Morawetz, who has investigated workplace hazards, injuries and deaths since the early 1980s, testified about the industrial hazards chemical plant workers face on a daily basis, including those who work with petroleum and coal products, fertilizers, pharmaceuticals, pesticides and other agricultural chemicals in smelters and refineries, as well as with natural gas distribution and in power plants.  He called on Congress to increase funding for the Chemical Safety Board and enforce stronger OSHA standards so that incidents linked to chemical hazards can be fully investigated and standards are followed and enforced.  He also underlined the importance of worker involvement in chemical plant security plans, as well as the need for effective training requirements, strong whistleblower protections and safer technology in this industry.

“Chemical workers know first hand how a plant works, what chemicals are used, and any particular facilities’ weaknesses,” Morawetz said.  “All these responsibilities make chemical workers the first line of defense and explain why we strongly believe vast improvements can and must be made in this nation’s chemical security.”

Morawetz also spoke about the UFCW’s commitment to improving workplace safety for all workers by enforcing existing regulations and passing stronger legislation.

“Unions have a proud history of fighting for the right to a safe workplace and for the basic right for workers to return home after a day on the job as healthy as when they left,” he said.  “From workers who are concerned about their safety and health, to union negotiators seeking health and safety contract language, to unions investigating health hazards or testifying in support of legislation, we are actively involved in making our workplaces safer.”

For a copy of Morawetz’s testimony, please contact press@ufcw.org.

April 3, 2008

CHAO AND OSHA: TOO LITTLE TOO LATE

The Bush Administration’s Department of Labor in a Hurricane-Katrina-like response is visiting the Savannah, Georgia, Imperial Sugar plant today after an explosion more than three weeks ago killed 12 workers and left others critically burned.

Prior to the sugar plant explosion, OSHA ignored the recommendations of the U.S. Chemical Safety Board (CSB) to issue a rule that could have reduced the possibility of the explosion here and at other sugar plants.

The United Food and Commercial Workers International Union (UFCW) and the International Brotherhood of Teamsters filed a petition on February 20, 2008, with the U.S. Department of Labor demanding that OSHA issue an emergency standard on this risk.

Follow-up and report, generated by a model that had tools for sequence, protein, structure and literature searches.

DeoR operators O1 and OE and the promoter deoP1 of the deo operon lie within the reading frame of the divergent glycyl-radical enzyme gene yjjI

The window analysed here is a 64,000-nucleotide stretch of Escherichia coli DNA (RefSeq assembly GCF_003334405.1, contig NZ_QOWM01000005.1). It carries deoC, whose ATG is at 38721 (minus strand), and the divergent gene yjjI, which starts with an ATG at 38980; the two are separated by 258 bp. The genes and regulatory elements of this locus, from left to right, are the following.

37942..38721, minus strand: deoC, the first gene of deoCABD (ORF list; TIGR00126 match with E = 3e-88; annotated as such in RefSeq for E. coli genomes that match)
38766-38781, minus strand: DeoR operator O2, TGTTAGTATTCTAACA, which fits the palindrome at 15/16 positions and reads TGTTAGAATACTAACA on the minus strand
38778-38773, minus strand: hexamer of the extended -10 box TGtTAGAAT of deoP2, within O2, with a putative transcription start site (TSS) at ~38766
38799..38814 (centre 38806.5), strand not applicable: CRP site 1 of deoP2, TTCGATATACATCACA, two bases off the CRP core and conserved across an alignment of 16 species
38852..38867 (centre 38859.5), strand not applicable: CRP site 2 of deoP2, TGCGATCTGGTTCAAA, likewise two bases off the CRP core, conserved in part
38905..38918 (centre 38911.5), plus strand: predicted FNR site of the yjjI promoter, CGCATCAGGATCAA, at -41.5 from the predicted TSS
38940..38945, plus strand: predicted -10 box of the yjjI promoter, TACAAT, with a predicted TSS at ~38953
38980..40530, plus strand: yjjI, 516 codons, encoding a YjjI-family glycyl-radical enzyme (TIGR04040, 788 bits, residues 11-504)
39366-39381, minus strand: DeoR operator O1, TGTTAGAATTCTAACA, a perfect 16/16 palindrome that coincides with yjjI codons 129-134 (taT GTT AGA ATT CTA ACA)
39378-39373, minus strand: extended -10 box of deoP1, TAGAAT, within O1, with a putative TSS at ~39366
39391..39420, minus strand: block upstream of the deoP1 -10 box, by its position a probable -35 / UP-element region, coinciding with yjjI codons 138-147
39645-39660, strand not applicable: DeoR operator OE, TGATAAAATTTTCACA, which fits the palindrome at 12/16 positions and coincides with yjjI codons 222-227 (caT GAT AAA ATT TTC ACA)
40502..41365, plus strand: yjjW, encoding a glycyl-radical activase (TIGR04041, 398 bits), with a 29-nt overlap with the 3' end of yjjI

The petition called upon OSHA to issue an Emergency Temporary Standard which requires immediate controls instituted by employers where combustible dust hazards exist. The petition also calls upon OSHA to put a new Permanent Standard in place for control of combustible dust hazards in general industry; inspect sugar processing plants; and implement a Special Emphasis Program on combustible dust hazards in a wide range of industries where combustible dust hazards exist.

The UFCW represents hundreds of workers in sugar plants around the country, including the Domino Sugar plant in Baltimore, Maryland. UFCW members at the Domino plant narrowly escaped harm last November after a combustible dust explosion rocked the facility. The International Brotherhood of Teamsters represents nearly 500 members who are employed at eight sugar processing facilities throughout the United States.

The explosions could have been prevented had OSHA heeded the recommendations made by the U.S. Chemical Safety Board made in November 2006. That year, the CSB conducted a major study of combustible dust hazards following three worksite catastrophic dust explosions that killed 14 workers in 2003. The CSB report noted that a quarter of the explosions that occurred between 1980 and 2005 that were identified, occurred at food industry facilities, including sugar plants.

OSHA’s Katrina-like inaction on this workplace risk follows a pattern of the agency ignoring scientific evidence and its own rule-making guidelines. By law, OSHA was supposed to respond to the CSB’s recommendations within six months.

A full copy of the petition can be downloaded here.

March 25, 2008

EMERGENCY PETITION ASSAILS OSHA

Washington, D.C. – Leading worker organizations today called on the U.S. Department of Labor’s Occupational Safety and Health Administration (OSHA) to issue an emergency standard on combustible dust.  The United Food and Commercial Workers International Union (UFCW) and the International Brotherhood of Teamsters filed a petition with the U.S. Department of Labor demanding that OSHA follow the 2006 recommendations of the U.S. Chemical Safety Board (CSB).  Additional labor organizations representing workers at risk are also supporting the petition which was filed in reaction to a workplace explosion at a sugar refinery in Georgia on February 7.